Great Circle or Rhumb Line for long cruises??? - SailNet Community

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  #1  
Old 12-02-2007
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Great Circle or Rhumb Line for long cruises???

Ok, I understand completely the differences between the two courses, but for those who don't wiki does a pretty good job. They can be checked out at:

http://en.wikipedia.org/wiki/Great_circle
&
http://en.wikipedia.org/wiki/Rhumb_line

So given the great circle is the shortest distance between two points on the earth, is that the best course for a cruising sailor to take? Obviously, on a day sail in the bay it doesn't matter, but what about the crossing from Panama to Tahiti? Now, the true great circle can never be achieved by a helmsman because it requires constant course changes at the helm that I don't think my raymarine autopilot is ready for just yet. But you can approximate it with multiple waypoints on a regularly scheduled, say two day interval, course change.

I am a pretty fair hand with Mercator navigation, but I've not come across anything that talks about plotting courses using the great circle routes. Does anyone use these or is it almost strictly for airline pilots? If you do, please give me some guidance on how to determine the great circle route and how great a distance savings it makes in comparison to the rhumb line in say, for example, the Bahamas to Bermuda run or Panama to Tahiti. Thanks, and look forward to hearing from you true navigators.

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  #2  
Old 12-02-2007
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Quote:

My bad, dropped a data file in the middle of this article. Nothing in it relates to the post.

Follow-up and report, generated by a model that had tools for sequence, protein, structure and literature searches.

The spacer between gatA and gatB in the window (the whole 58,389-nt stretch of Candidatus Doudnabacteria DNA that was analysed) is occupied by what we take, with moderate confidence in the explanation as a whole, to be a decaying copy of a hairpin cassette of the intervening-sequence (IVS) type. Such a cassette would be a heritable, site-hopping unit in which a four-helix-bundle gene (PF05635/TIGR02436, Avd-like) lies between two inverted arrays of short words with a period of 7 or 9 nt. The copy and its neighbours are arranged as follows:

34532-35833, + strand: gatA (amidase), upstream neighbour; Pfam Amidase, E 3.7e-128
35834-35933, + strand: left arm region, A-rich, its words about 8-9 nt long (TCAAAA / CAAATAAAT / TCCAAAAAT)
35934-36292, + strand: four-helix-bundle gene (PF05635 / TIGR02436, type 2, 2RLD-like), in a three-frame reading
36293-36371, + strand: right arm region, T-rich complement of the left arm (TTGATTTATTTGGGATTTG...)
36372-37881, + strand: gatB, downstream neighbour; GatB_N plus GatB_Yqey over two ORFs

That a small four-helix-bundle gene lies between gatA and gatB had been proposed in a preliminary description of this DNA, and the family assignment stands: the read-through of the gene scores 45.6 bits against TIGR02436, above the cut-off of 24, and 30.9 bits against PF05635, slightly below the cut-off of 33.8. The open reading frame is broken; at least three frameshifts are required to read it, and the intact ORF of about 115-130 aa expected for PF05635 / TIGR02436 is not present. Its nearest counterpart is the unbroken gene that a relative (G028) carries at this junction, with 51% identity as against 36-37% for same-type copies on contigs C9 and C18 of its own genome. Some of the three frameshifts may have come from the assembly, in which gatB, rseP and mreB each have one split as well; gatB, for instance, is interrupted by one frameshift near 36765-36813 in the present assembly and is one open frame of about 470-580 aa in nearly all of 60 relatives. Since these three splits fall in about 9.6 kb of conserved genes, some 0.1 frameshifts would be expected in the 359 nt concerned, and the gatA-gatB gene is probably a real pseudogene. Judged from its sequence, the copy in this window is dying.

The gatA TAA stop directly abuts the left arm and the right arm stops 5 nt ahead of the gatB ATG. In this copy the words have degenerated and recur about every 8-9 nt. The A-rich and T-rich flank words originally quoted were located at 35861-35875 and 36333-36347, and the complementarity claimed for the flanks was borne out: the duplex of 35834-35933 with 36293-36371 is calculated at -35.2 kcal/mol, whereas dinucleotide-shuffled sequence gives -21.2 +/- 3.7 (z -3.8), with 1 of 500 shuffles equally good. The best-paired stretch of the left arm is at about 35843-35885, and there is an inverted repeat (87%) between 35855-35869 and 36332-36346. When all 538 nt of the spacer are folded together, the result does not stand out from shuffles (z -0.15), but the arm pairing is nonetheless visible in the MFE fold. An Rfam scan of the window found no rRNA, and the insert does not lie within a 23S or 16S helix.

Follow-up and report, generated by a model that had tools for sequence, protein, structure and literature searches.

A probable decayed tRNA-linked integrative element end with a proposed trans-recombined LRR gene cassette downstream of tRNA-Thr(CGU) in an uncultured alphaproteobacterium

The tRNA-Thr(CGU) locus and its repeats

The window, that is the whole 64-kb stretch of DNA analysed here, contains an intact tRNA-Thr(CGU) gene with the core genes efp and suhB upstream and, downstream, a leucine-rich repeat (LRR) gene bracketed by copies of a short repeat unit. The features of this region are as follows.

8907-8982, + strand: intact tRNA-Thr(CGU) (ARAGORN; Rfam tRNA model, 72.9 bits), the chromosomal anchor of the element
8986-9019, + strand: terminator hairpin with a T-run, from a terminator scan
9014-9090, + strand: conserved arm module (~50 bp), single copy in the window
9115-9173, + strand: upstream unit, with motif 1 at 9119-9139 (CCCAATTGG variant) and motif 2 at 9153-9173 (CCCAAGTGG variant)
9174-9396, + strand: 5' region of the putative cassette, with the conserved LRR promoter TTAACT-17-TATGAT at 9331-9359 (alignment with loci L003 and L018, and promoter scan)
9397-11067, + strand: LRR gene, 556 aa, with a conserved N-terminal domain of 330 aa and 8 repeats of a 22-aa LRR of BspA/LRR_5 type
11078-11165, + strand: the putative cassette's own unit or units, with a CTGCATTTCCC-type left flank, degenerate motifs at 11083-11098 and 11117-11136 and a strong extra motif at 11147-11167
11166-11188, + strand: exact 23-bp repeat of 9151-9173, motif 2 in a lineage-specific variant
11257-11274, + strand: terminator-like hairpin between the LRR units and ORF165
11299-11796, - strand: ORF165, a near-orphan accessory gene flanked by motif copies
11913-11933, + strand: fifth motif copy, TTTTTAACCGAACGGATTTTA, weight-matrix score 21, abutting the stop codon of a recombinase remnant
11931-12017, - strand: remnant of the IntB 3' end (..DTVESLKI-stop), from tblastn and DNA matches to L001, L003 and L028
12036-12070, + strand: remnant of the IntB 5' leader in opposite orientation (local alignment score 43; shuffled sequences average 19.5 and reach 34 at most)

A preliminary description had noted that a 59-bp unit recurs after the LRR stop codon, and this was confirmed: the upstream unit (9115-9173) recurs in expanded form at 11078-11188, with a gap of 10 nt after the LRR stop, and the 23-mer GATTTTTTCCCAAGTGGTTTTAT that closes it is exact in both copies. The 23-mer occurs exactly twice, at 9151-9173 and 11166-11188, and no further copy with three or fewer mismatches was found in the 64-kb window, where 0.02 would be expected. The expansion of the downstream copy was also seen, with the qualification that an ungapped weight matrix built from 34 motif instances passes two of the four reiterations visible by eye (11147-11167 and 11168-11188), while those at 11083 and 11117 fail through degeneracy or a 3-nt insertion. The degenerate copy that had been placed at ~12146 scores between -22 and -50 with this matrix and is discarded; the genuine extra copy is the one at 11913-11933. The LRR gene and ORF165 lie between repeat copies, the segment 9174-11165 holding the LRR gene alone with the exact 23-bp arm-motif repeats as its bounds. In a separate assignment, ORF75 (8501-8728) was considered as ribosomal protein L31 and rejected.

Originally Posted by LWinters View Post
So given the great circle is the shortest distance between two points on the earth, is that the best course for a cruising sailor to take? Obviously, on a day sail in the bay it doesn't matter, but what about the crossing from Panama to Tahiti? Now, the true great circle can never be achieved by a helmsman because it requires constant course changes at the helm that I don't think my raymarine autopilot is ready for just yet. But you can approximate it with multiple waypoints on a regularly scheduled, say two day interval, course change.

ILW
Your raymarine autopilot, linked to GPS, does sail a great circle route with a constantly changing heading if you ask it to steer to a destination waypoint. Even if its just a day sail across the bay.

Astronav courses talk about great circle routes, but unless you plan high latitude sailing its pretty much theoretical. On most passages, such as the two you give, the gain by sailing a great circle route is tiny in relation to other considerations. In practice yachts generally route themselves to take advantage of favourable winds and currents.

One well-sailed route which is far enough north to make a difference is from Newfoundland to England. The distance from Cape Race Light to Bishop Rock is 1,842 miles by the great circle route, compared with 1,871 for the rhumb line route. At one point the former route is 300 miles north of the latter.